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From: Larry Benko <>
Date: Wed, 04 Dec 2013 18:37:43 -0700
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Multiple reflections in the data world are very easy to see with a TDR. They do exist and the only thing to keep them from going on forever is the reflection coefficient at both ends and the loss in the transmission line. A pulse generator, some length of twisted pair or coax with delay long compared to the data bit time, and a dual channel storage scope will clearly show them. Again this stuff is well known by competent engineers.

I am not going to engage in the conjugate match war. Non-linear circuits are harder to analyze but not that hard.

Larry, W0QE

On 12/4/2013 5:14 PM, peter chadwick wrote:
This is where life gets interesting.......

About ten or twelve years back, there was a big argument about whether you 
should have a conjugate match between PA and load. Argument one was that 
Thevenin demanded a conjugate match for optimum power transfer. Argument two 
(Warren Bruene, W5OLB) was that the tx should have the lowest possible output 
impedance for maximum efficiency. Now I incline to Bruene's approach. W8JI was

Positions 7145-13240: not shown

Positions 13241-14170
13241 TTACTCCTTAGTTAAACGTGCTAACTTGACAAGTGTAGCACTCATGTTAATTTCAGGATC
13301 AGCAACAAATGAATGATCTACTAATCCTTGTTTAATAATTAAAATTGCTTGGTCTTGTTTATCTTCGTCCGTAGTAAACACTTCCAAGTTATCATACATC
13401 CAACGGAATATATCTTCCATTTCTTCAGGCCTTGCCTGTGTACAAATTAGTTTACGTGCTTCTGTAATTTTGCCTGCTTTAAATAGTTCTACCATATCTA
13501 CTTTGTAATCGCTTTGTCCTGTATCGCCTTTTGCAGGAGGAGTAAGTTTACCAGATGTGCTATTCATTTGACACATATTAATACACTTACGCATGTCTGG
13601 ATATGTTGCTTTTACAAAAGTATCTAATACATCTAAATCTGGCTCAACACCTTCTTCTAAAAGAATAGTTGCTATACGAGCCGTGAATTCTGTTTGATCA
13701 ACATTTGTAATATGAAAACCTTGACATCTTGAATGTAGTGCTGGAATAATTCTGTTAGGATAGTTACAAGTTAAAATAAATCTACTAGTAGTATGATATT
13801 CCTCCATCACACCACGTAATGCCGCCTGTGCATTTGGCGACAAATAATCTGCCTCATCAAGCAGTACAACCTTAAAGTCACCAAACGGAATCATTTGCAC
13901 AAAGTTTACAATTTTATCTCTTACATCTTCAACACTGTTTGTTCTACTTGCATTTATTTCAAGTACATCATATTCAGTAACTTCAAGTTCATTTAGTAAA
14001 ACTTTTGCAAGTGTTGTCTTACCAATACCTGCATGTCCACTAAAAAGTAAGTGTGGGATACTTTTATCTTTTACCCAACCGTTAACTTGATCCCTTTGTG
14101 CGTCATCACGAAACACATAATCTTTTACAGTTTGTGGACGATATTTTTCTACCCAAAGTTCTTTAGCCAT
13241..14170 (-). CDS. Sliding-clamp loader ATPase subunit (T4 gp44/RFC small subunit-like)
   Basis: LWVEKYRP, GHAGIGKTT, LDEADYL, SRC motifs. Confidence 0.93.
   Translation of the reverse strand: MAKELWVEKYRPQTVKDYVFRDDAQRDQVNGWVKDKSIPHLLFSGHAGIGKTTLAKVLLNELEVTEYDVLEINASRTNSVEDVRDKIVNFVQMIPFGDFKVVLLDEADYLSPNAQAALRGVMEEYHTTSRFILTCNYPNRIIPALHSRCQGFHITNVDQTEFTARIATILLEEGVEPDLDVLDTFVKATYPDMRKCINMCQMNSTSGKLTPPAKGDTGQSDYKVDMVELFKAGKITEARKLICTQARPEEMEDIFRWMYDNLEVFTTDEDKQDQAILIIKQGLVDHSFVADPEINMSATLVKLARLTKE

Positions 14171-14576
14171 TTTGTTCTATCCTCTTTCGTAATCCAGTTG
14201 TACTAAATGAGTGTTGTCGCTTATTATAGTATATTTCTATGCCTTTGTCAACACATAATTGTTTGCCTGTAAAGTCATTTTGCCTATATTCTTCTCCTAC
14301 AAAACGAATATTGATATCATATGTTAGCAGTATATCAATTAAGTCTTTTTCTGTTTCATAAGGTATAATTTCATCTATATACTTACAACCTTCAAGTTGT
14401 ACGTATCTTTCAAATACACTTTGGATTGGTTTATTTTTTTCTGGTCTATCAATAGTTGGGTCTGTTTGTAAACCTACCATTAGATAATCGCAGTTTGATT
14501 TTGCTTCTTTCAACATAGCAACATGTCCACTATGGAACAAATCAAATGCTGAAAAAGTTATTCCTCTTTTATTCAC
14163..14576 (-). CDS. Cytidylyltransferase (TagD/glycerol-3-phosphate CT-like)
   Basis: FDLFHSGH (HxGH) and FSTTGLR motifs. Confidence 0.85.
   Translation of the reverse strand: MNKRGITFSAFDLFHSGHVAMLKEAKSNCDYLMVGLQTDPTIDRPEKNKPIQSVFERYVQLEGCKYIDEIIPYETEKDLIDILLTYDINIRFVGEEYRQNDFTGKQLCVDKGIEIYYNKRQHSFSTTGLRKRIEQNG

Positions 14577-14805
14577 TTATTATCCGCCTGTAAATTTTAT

for Thevenin. Experiments showed that linear PAs showed maximum linear output 
when there was a Thevenin match, but if you did the usual sums on PAs, you saw 
that that the efficiency was around 50% - which you expect - and thus the 
Thevenin match gave much the same answer. As soon as you applied it to Class C, 
you no longer had a linear system and the Thevenin match camp claimed it was no 
longer valid. This is as maybe, but seems to me to have some definite 
legitimacy as an argument.

So the impedance looking back into a correctly tuned linear amplifier, whether 
you believe W5OLB or W8JI, actually ends up about the same - not that far off 
50 or whatever ohms.

So the reflection back from the tx to the antenna is pretty small.......

Obviously a bit different with a Class C pa, but not that much......

So I think multiple reflections can be discounted, at least for correctly tuned 
amplifiers and PAs.


Peter G3RZP

  Message Received: Dec 04 2013, 11:33 PM
  From: "Bill Turner" <>
  To: "Amps" <>
ORIGINAL MESSAGE: (may be snipped) On Thu, 05 Dec 2013 00:08:34 +0100, Peter wrote: >the argument used by all the authorities is this:
  >At an open circuit the forward voltage is Vf. Because it is reflected as
  VR and is the same voltage - necessarily - the two voltages add to give a
  reflected voltage of 2Vf. To get more requires energy to be made.
  >So on a loss less line, the only voltage reflected back to the tx is 2Vf - 
  Vf is the rms volts that would appear at the load when the line is matched.
REPLY: But in an open circuit, isn't the reflected voltage reflected again? And
  again and again? The only thing that keeps it from increasing forever is
  loss in the line, I would think.
Can't prove it, but it seems logical. 73, Bill W6WRT
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